"CPR Saves Lives March" Focuses Attention on Improving Sudden Cardiac Arrest Survival Rates

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Representatives from the Sudden Cardiac Arrest Foundation will join an estimated 1,000 people – including more than 50 cardiac arrest survivors – in a march through the streets of downtown San Diego on Thursday, Dec. 10.

Effective bystander CPR provided immediately after sudden cardiac arrest can double or triple a person's chances of survival.

Representatives from the Sudden Cardiac Arrest Foundation will join an estimated 1,000 people – including more than 50 cardiac arrest survivors – in a march through the streets of downtown San Diego on Thursday, Dec. 10, from 11:25 a.m. to 1:25 p.m. The “Citizen CPR Foundation’s CPR Saves Lives March” will begin at the Manchester Grand Hyatt and conclude at the San Diego Civic Center where participants will hear inspirational stories from survivors and a public call for more community-based action so that others can live.

“Without strong community cardiopulmonary resuscitation (CPR) programs and easily accessed automated external defibrillators (AEDs), many unnecessary deaths occur,” said Tom P. Aufderheide, M.D., president of Citizen CPR Foundation and faculty member of the Medical College of Wisconsin. “The 50 survivors who will march were fortunate because they received early CPR and AED use from bystanders. However, most cardiac arrest victims do not receive help in time. Whether you live or die is highly dependent on the preparation of your community, the knowledge and training of the public, and the time it takes (literally seconds to minutes) to receive CPR and AED use.

“The good news is that communities can greatly improve survival rates by implementing the latest science, educational tactics and local system implementation strategies. Our host city, San Diego, is a shining example of how communities can come together to improve survival rates.”

According to an Institute of Medicine report, there are 1,600 preventable deaths from sudden cardiac arrest (SCA) every day in the U.S. SCA occurs when the heart suddenly stops beating and there is no blood flow to the brain or other vital organs. Every year, approximately 300,000 men, women and children in the United States die from SCA. Almost 80 percent of out-of-hospital cardiac arrests occur at home and many are witnessed by a family member. Generally, less than eight percent of victims survive.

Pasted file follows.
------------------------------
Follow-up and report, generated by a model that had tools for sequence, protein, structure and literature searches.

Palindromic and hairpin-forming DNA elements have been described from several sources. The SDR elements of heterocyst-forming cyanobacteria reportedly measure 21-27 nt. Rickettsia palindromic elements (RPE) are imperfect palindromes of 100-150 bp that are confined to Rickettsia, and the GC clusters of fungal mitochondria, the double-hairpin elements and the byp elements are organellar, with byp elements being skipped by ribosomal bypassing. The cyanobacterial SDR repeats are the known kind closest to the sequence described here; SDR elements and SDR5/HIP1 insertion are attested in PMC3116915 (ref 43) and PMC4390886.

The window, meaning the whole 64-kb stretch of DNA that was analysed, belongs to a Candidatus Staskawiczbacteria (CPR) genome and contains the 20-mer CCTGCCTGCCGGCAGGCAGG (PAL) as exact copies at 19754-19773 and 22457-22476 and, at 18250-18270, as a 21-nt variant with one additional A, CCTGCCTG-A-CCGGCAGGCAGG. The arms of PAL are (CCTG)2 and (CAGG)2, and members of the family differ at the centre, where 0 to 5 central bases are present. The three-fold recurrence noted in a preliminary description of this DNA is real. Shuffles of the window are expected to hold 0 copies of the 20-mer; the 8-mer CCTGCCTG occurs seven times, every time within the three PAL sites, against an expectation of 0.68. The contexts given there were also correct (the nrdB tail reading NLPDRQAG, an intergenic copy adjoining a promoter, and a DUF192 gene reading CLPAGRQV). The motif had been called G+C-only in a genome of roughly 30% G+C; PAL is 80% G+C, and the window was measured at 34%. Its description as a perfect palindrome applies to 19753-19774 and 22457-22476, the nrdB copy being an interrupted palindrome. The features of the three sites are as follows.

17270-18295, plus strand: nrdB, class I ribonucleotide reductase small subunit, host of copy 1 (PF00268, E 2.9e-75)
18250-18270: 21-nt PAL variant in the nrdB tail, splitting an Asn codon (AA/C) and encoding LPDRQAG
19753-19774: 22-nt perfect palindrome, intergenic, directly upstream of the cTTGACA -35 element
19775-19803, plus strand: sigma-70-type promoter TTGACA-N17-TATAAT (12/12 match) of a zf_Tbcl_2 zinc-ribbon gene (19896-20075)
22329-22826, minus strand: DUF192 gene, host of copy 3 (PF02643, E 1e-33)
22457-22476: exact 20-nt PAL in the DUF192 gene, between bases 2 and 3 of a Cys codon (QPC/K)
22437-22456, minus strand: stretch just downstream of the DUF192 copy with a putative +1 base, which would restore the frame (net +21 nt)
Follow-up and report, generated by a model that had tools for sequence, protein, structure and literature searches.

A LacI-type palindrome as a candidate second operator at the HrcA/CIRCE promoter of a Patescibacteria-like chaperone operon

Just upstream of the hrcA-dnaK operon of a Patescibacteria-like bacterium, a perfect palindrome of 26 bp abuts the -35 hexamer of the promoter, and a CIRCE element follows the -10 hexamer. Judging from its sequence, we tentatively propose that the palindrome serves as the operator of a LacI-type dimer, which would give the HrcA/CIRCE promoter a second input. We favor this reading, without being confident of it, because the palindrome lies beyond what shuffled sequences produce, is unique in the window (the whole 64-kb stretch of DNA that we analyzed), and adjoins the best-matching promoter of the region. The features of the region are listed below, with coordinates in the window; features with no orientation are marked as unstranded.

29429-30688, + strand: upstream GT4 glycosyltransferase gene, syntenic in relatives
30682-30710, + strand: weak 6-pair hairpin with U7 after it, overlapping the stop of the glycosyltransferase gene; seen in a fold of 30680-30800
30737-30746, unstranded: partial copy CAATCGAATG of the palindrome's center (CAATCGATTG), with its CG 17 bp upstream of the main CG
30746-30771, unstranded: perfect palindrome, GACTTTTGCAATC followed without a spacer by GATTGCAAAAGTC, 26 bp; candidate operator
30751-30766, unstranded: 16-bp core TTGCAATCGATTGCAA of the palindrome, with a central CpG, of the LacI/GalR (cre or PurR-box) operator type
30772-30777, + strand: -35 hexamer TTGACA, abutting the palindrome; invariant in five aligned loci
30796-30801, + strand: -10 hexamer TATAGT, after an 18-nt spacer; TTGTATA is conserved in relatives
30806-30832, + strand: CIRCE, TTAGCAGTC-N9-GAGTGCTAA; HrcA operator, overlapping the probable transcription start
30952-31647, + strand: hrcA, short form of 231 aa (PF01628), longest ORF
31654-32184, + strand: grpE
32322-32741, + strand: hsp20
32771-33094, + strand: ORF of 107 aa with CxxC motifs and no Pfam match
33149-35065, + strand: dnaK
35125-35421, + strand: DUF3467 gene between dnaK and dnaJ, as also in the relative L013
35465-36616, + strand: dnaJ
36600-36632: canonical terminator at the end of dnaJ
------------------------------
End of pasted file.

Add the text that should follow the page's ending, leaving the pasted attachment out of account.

“The intent of the first-ever ‘CPR Saves Lives March’ is to shed light on the hundreds of thousands of SCA victims who could survive each year if communities provided more CPR training, better care and a greater number of AEDs,” said Mary Newman, president of the Sudden Cardiac Arrest Foundation. “Effective bystander CPR, provided immediately after SCA, can double or triple a victim’s chance of survival.”

“Eighty percent of sudden cardiac deaths happen to someone you know and love in or near your home. By learning to recognize SCA, calling 9-1-1 and starting CPR, citizens can save those who would otherwise die without immediate help,” said Vinay M. Nadkarni, M.D., president-elect of CCPRF and Endowed Chair of Pediatric Critical Care Medicine at the University of Pennsylvania School of Medicine. “Care that starts with citizen CPR and early defibrillation, a well-trained EMS system and strong links in the chain of survival are vital in every community.”

The Citizen CPR Foundation’s “CPR Saves Lives March” is part of the Emergency Cardiovascular Care Update (ECCU) 2015 conference (#ECCU2015). The conference is presented by the Citizen CPR Foundation in cooperation with the American Heart Association, American Red Cross, and the Heart and Stroke Foundation of Canada.

Gold sponsor for the “CPR Saves Lives March” is the PulsePoint Foundation and the Bronze Sponsor is the UC San Diego Health System.

About the Sudden Cardiac Arrest Foundation
The Sudden Cardiac Arrest Foundation is a national community benefit 501(c)(3) organization dedicated to raising awareness about sudden cardiac arrest and saving lives. Programs include educational campaigns for secondary schools and colleges and the Sudden Cardiac Arrest Network, an online community that provides peer support and opportunities for survivors and family members to participate in awareness, advocacy, and research initiatives.

About Emergency Cardiovascular Care Update (ECCU) 2015
ECCU 2015 showcases the latest science, concepts, ideas and strategies to improve clinical performance, teaching methodology and community response to sudden cardiac arrest. ECCU 2015 is the only conference that brings together all members of the Cardiac Chain of Survival – including physicians, nurses, CPR and ECC educators, EMS providers, ECC advocates and survivors. This year’s event will feature training and insight on the recently released 2015 AHA Guidelines for CPR and ECC. Researchers and authors of the new guidelines will be presenting. View the ECCU 2015 Program Schedule.

About Citizen CPR Foundation (CCPRF)
Founded in 1987, CCPRF is a non-profit organization comprised of four primary co-sponsors: the American Heart Association, the American Red Cross and the Heart and Stroke Foundation of Canada and Industry partners. The mission of CCPRF is to save lives from sudden death by stimulating citizen and community action. CCRPR holds its international ECCU conference every two years.

Follow ECCU 2015 on Facebook and Twitter (@citizencprf)

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Carissa Caramanis O'Brien
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